The Walton Street Heritage Conservation District lies at the mouth of the Ganaraska River on the shores of Lake Ontario. The early community harnessed the power of the river for industry, as the harbour provided a gateway to the shipping lanes of the Great Lakes. The village was situated on the Toronto-Kingston-Montreal land route, and subsequently became a hub for the railways. The substantial brick buildings on the commercial thoroughfare were constructed in co-ordinated block designs within a short period of time. The result was a continuous and harmonious stretch of commercial buildings transitioning into residences at the west. The side streets that emanate from Walton in T-junctions, as roads to the north and south, are staggered along the streetscape to avoid traffic congestions and provide continuity to the streetscape.

Source: The Walton Street Heritage Conservation District Study and Plan, By-laws 44/97 and 45/97.

Character-Defining Elements

Character-defining elements that illustrate the heritage values include the:
- continuous stretches of three and four-storey brick building blocks on both sides of Walton Street
- similar scale, site plan and setbacks of the blocks
- shared cornice lines and fenestration pattern and storefronts within individual blocks
- location of the district in relation to the Ganaraska River and Lake Ontario
- continuous stretch of Walton Street, with side streets forming T-junctions
- subtle variations of the commercial architectural styles, such as: Neo-classical, Italianate, late Victorian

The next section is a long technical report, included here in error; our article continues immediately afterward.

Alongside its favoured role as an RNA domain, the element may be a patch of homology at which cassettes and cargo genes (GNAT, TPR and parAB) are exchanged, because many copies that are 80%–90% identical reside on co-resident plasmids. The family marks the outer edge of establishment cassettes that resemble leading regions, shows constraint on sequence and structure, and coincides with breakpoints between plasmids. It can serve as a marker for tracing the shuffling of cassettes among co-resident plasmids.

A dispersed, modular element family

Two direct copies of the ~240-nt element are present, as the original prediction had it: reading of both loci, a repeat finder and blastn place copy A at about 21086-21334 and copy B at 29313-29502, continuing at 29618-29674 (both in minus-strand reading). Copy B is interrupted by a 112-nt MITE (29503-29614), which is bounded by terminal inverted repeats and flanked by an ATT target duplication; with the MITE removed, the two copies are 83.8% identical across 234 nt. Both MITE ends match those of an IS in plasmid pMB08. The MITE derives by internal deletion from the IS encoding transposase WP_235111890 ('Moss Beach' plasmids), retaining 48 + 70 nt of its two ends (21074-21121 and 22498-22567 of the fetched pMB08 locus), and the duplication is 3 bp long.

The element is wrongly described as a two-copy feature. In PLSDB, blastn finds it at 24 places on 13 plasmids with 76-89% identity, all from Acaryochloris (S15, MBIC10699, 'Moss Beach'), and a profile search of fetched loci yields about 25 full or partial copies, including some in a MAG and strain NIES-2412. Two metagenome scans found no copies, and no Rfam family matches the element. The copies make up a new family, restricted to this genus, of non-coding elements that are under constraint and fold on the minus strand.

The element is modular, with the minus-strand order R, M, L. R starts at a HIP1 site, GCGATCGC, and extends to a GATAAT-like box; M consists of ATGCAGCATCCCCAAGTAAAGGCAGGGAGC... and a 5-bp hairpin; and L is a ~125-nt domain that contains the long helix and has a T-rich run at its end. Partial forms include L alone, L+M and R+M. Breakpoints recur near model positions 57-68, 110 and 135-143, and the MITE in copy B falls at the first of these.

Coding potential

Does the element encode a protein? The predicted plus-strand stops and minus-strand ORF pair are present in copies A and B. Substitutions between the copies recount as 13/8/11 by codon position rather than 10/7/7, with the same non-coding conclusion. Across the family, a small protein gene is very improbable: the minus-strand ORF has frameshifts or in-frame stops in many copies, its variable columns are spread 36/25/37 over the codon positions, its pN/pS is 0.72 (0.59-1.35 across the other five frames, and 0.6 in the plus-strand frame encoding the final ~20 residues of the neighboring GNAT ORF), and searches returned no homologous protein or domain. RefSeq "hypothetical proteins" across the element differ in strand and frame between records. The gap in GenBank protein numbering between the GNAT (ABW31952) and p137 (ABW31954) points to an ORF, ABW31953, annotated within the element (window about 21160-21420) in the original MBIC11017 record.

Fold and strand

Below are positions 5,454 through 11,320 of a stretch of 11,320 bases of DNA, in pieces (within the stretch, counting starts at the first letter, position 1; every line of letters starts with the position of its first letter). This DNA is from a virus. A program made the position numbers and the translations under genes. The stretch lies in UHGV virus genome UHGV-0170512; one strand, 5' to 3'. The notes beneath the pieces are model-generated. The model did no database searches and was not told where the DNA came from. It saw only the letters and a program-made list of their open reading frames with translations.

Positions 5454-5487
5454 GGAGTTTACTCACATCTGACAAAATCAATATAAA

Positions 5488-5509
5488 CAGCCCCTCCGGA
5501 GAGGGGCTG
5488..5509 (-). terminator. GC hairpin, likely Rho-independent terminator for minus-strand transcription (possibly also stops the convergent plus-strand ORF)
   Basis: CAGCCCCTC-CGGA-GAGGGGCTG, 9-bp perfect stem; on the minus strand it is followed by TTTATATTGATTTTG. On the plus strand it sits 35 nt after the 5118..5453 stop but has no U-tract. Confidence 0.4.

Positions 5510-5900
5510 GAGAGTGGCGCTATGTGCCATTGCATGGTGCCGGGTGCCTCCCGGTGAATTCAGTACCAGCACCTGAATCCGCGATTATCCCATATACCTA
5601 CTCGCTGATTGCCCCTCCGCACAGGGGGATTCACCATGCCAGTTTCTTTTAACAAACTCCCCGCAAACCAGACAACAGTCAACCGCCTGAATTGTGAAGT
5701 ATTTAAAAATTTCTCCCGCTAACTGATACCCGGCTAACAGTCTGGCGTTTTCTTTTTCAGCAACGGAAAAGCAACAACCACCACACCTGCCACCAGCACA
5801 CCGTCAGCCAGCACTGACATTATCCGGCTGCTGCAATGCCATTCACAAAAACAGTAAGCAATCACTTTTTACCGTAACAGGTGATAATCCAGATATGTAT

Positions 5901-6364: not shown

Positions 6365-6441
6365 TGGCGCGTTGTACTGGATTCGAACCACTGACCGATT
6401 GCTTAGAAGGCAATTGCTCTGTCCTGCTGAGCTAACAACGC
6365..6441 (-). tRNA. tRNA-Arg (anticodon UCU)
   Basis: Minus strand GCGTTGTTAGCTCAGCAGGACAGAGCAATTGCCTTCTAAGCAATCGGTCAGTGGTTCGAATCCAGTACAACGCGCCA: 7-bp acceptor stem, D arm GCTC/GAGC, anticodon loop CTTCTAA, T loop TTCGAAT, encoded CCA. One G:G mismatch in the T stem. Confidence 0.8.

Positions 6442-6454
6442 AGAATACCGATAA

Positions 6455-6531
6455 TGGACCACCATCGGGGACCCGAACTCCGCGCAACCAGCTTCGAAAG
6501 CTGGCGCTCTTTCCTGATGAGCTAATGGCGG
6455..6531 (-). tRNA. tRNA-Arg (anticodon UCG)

- various residential architectural styles
- various construction materials of the residential streetscape
- location of the residential area at the western end of the commercial core and leading up the hill to the landmark church




Recognition Authority

Local Governments (ON)

Recognition Statute

Ontario Heritage Act

Recognition Type

Heritage Conservation District (Part V)

Recognition Date


Historical Information

Significant Date(s)


Theme - Category and Type

Developing Economies
Trade and Commerce
Expressing Intellectual and Cultural Life
Architecture and Design
Peopling the Land

Function - Category and Type


Commerce / Commercial Services
Hotel, Motel or Inn
Religion, Ritual and Funeral
Religious Facility or Place of Worship
Commerce / Commercial Services
Eating or Drinking Establishment
Commerce / Commercial Services
Shop or Wholesale Establishment
Single Dwelling
Commerce / Commercial Services
Office or Office Building
Multiple Dwelling


Commerce / Commercial Services
Bank or Stock Exchange

Architect / Designer




Additional Information

Location of Supporting Documentation

Walton Street Heritage Conservation District By-laws 44/97 and 45/97 Heritage Port Hope Files, Port Hope Town Hall, 56 Queen Street, Port Hope Ganaraska Archives, Mill Street, Port Hope

Cross-Reference to Collection

Fed/Prov/Terr Identifier